Islamic insurgency group al-Shabab has taken over a strategic town in war-torn Somalia on Wednesday after Ethiopian troops withdrew from their positions on Wednesday.
Ethiopia, which has contributed thousands of troops to the African Union peacekeeping mission (AMISON) in Somalia, withdrew its soldiers from a military base in Tiyeglow, a south-western town.
Al-Shabab announced that they took over the town, which is strategic due to its location, after the withdrawal of Ethiopian and AMISOM forces to Hirran, the capital of Somalia’s Bakol region, Reuters reported.
Residents of the town have reportedly started fleeing their homes in fear of Shabab. The group, which has links to Al-Qaeda, has reportedly taken over three towns this year after Ethiopian troops pulled out.
The news of Ethiopia withdrawing its troops from Somalia began circulating in September. Addis Ababa is dealing with violent anti-government protests at home. The government has allegedly recalled about 3,000 soldiers from six bases in Somalia to quell the widespread demonstrations.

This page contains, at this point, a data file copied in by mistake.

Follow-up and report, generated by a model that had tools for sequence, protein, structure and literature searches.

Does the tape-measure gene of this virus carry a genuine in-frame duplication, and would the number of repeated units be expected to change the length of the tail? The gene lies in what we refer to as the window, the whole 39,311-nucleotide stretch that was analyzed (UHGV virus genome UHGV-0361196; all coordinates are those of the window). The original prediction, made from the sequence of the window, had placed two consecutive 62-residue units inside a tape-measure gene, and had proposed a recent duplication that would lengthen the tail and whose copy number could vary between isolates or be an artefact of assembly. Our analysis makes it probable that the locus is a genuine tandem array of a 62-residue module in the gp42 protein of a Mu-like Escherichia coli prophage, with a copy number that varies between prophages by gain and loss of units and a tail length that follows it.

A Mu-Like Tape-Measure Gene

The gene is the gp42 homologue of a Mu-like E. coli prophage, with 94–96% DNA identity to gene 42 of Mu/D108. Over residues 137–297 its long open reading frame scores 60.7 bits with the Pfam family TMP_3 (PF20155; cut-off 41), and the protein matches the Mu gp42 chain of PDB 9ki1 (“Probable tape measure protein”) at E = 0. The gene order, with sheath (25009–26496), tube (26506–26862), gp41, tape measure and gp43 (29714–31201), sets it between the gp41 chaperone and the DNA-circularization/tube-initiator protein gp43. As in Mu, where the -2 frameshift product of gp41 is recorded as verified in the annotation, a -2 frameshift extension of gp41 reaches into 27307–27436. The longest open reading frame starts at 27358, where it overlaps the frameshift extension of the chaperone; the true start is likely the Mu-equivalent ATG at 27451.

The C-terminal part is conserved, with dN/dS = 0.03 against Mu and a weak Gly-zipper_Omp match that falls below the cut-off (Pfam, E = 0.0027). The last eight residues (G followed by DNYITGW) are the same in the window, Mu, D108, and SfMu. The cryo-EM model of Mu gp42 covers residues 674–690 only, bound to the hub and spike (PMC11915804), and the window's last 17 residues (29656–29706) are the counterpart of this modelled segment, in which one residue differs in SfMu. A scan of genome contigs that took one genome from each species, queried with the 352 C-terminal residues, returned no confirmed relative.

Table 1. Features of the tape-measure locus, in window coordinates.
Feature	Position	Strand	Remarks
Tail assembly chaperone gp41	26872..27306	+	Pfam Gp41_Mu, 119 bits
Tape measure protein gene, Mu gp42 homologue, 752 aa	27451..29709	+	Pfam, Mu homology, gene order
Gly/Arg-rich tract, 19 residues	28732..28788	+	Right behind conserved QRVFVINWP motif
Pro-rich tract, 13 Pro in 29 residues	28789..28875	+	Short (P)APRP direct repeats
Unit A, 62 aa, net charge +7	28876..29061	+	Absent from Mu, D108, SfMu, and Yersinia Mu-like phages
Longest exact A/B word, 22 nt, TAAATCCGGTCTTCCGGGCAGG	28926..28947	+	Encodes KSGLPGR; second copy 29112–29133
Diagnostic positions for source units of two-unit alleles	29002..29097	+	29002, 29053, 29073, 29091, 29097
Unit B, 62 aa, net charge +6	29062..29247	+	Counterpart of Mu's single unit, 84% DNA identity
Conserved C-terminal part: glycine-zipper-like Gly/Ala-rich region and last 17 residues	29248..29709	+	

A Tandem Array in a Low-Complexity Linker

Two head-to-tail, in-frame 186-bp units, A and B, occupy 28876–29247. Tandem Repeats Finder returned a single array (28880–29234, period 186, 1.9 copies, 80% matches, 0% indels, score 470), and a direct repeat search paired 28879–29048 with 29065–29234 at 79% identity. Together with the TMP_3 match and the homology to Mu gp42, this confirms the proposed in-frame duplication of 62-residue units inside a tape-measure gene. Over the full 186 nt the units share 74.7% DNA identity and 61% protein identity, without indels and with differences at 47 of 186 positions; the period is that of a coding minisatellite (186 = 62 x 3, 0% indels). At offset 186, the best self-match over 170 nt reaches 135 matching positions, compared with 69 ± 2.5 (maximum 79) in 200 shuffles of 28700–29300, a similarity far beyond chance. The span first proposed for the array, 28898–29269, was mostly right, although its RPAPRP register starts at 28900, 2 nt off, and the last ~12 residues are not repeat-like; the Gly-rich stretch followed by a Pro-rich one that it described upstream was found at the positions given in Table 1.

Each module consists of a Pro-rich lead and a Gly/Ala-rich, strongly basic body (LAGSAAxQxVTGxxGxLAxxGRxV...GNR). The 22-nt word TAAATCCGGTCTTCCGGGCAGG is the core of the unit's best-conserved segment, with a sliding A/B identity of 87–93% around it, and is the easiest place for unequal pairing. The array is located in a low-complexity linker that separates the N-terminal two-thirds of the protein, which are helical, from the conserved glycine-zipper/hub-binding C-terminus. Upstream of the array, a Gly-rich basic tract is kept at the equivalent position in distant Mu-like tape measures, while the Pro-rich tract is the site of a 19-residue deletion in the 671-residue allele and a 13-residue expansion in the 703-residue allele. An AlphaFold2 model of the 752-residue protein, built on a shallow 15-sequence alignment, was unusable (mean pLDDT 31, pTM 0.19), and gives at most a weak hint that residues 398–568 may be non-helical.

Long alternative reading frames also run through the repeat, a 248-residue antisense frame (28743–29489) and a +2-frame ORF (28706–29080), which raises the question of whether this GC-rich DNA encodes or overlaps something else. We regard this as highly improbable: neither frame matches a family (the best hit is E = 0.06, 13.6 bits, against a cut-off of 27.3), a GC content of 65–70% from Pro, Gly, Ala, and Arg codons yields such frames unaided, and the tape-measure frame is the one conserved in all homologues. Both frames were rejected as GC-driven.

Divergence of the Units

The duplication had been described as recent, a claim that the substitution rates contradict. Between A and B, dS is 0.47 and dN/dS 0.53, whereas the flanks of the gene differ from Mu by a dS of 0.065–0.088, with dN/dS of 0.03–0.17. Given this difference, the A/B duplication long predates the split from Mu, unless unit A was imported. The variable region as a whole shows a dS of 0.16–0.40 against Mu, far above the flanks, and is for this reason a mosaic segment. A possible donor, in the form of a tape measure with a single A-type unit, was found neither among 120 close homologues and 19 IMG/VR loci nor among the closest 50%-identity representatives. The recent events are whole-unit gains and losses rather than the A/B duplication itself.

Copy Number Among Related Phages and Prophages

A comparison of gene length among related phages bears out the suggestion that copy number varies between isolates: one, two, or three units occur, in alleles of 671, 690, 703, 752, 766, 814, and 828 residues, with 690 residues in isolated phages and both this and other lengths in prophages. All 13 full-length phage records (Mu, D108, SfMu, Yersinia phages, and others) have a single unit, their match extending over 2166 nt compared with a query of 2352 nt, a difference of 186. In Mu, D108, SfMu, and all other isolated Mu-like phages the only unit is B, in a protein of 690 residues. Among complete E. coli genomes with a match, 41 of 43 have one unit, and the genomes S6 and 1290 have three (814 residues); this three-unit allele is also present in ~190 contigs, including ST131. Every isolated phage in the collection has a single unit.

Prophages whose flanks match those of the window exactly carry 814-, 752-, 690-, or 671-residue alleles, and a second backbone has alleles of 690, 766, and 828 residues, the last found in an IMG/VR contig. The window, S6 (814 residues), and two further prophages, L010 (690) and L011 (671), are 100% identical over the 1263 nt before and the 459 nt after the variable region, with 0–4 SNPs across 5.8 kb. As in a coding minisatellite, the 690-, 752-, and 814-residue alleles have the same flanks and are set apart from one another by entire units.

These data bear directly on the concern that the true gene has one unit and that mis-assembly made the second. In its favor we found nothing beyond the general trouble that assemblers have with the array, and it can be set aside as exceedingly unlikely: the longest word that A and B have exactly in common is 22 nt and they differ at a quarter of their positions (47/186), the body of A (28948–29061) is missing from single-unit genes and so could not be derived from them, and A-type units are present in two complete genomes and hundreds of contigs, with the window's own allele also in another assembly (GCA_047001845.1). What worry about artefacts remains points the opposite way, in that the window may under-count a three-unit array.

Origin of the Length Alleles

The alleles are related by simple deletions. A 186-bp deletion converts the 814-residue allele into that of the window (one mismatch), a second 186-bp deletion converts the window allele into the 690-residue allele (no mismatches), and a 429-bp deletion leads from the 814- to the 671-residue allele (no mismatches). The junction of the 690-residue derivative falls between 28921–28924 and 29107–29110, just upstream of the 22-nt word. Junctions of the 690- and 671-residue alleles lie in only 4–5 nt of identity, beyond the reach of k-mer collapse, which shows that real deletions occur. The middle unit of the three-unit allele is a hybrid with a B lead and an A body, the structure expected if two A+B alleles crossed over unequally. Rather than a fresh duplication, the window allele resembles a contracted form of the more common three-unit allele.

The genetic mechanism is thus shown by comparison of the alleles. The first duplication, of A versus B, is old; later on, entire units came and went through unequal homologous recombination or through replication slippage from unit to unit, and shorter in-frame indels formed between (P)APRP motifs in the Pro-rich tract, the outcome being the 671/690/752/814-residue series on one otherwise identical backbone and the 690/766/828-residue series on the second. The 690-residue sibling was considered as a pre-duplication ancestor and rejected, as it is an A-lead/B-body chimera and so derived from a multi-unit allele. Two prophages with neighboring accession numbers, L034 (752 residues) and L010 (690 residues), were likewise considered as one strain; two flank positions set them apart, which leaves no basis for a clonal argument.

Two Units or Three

However, Ethiopia’s Communication Minster Getachew Reda has said the decision to withdraw the troops from Ethiopia’s 22,000-strong AMISOM peacekeeping force had nothing to do with the unrest at home, BBC reported.
Reda blamed the international community for their lack of commitment towards peacekeeping efforts in Somalia.
“The international community also has a responsibility either to train or to support the Somali national army in whatever way they promised and if they do not make good in that promise and Somali national army fails to discharge their responsibilities then of course, as they say, nature – and al-Shabab, – abhors a vacuum, so they’ll just move in,” he explained.
Ethiopia has long supported the African Union’s (AU) peacekeeping efforts in Somalia. AU troops are fighting Shabab to protect Somalia’s internationally-backed government. Shabab is seeking to topple the government and make Somalia a fundamentally Islamic state.